Leopoldo Miguez and Glauco Velasquez were both leading figures in Brazil’s classical music scene at the turn of the 20th century, bringing back influences from Europe to a homeland in a state of enormous social upheaval. The lyrical character of Miguez’s ambitious Violin Sonata, Op. 14 is developed in far more sophisticated and contrapuntal manner to anything previously experienced in Brazil, while Velasquez’s two sonatas are even richer in nuance. The tropical Romanticism of these three works marked an important change in Brazil’s chamber music, from pieces intended largely for domestic use to works equal to the noble expression of its new Republic.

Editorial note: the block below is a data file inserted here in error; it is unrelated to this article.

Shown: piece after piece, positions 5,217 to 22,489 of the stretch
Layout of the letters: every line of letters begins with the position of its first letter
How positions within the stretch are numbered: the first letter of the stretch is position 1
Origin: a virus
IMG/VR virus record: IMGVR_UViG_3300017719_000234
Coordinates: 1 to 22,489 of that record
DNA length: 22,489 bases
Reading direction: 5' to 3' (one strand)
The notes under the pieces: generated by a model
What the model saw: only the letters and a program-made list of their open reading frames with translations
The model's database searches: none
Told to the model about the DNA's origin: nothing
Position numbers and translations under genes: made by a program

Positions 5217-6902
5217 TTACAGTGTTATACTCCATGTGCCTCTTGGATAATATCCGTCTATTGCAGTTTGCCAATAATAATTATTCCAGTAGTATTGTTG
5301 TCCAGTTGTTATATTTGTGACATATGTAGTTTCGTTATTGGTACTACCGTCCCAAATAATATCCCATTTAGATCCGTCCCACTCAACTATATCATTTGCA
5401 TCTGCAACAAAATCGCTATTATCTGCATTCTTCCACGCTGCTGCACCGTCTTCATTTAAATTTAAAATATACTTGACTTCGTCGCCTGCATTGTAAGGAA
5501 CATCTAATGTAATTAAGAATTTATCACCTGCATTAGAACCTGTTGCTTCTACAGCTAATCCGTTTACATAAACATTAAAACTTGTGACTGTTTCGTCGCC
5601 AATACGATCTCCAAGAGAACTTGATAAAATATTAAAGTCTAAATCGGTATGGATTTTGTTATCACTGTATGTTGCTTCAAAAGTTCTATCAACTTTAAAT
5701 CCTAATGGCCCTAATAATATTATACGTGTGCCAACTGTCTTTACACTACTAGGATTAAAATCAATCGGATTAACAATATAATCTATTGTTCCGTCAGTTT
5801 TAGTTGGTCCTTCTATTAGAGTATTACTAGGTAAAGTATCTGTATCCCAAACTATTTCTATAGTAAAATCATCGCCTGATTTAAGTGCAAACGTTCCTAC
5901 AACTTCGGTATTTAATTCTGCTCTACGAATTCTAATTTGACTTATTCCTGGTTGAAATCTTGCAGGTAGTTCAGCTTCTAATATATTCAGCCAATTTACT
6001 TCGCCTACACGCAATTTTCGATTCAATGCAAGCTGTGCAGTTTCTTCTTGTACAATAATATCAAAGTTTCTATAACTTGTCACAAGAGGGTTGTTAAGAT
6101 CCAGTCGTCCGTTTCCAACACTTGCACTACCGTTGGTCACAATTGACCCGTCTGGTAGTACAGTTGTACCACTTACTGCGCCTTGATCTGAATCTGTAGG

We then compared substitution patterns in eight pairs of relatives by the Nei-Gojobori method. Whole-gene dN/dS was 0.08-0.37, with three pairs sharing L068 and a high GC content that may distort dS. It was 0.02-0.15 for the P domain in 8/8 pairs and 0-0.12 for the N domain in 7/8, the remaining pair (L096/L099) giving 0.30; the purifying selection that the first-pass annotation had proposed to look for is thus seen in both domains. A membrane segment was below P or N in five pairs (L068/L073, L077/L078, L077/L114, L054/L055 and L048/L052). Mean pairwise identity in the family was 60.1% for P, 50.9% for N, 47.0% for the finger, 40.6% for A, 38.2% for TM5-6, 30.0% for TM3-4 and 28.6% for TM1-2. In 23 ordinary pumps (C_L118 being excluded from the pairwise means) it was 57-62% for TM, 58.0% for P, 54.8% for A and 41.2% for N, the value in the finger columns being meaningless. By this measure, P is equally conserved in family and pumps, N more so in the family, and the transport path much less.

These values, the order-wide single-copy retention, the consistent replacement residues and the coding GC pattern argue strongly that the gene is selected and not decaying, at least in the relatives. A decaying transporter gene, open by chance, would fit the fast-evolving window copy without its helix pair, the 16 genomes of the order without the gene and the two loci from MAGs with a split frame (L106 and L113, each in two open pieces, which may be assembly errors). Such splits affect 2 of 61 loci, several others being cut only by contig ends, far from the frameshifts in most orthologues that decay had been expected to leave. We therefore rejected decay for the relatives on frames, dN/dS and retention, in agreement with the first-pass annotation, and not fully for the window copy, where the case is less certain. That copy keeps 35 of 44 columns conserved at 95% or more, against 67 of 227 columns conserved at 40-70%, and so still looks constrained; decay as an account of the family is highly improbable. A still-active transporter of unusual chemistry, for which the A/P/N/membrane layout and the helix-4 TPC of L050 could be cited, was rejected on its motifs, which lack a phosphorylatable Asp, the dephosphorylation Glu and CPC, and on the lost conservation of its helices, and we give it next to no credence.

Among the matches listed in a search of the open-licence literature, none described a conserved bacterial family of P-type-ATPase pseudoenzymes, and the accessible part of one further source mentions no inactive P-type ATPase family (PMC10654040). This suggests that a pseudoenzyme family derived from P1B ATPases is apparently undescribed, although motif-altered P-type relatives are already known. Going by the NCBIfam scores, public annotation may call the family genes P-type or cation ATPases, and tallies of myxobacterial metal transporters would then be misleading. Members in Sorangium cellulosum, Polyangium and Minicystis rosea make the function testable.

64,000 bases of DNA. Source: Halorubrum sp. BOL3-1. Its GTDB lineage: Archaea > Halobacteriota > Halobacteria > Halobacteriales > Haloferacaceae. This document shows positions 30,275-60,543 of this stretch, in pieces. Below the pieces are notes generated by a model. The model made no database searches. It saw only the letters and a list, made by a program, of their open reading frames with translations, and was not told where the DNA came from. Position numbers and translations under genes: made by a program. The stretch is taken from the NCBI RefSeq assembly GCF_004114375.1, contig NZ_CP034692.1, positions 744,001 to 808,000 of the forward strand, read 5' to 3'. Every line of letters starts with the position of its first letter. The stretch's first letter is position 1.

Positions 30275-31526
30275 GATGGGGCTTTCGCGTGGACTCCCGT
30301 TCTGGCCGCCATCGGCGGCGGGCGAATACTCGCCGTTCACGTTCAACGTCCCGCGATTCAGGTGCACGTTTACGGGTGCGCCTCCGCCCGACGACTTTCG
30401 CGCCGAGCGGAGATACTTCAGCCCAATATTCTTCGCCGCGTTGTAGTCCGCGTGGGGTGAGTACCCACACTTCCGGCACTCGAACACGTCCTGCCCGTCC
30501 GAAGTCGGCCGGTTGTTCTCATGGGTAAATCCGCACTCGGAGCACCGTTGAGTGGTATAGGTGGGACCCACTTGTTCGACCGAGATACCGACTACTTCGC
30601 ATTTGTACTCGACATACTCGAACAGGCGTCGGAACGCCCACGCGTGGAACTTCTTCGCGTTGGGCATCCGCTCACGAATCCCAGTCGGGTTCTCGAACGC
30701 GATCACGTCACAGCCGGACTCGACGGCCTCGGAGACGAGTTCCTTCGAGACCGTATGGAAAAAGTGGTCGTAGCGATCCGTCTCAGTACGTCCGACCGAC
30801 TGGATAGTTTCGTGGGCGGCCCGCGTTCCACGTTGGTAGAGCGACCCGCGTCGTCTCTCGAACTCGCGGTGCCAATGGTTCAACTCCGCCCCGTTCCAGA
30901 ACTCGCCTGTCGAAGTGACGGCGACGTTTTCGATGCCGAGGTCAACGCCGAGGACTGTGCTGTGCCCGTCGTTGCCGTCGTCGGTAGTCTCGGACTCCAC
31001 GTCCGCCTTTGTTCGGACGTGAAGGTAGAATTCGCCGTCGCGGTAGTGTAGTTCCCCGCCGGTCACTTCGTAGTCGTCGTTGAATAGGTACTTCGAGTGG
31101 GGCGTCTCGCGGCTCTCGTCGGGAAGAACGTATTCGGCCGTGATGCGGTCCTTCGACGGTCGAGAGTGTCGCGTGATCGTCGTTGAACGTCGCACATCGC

Velasquez’s First Sonata burstsRead more onto the scene with ringing romantic lyricism brought to the boil. This three-movement score from 1909 triangulates between Brahms, Franck, Liszt and, surely unwittingly, William Baines, and early Delius. High fervour smokes and radiates from these pages. The only ‘departure’ comes in the final hazily impressionistic pages.
The Miguez dates from well into the last quarter of the nineteenth century. Again, lyricism spills forth and does so fluently but mixed in with some Kreislerian sweetness.
The disc concludes with Velasquez’s Second Sonata. It was completed when the composer was only 27 and had just three more years to live. It again plunges and swings its way through three movements in a Grieg-like style. The finale is bold and confident and at 11:03 not at all perfunctory. The composer shapes it as a substantial statement of romantic substance and mastery. Its peroration ends at high pulse and temperature.
The recording and the playing of Baldini and Fernandes and are quite exemplary.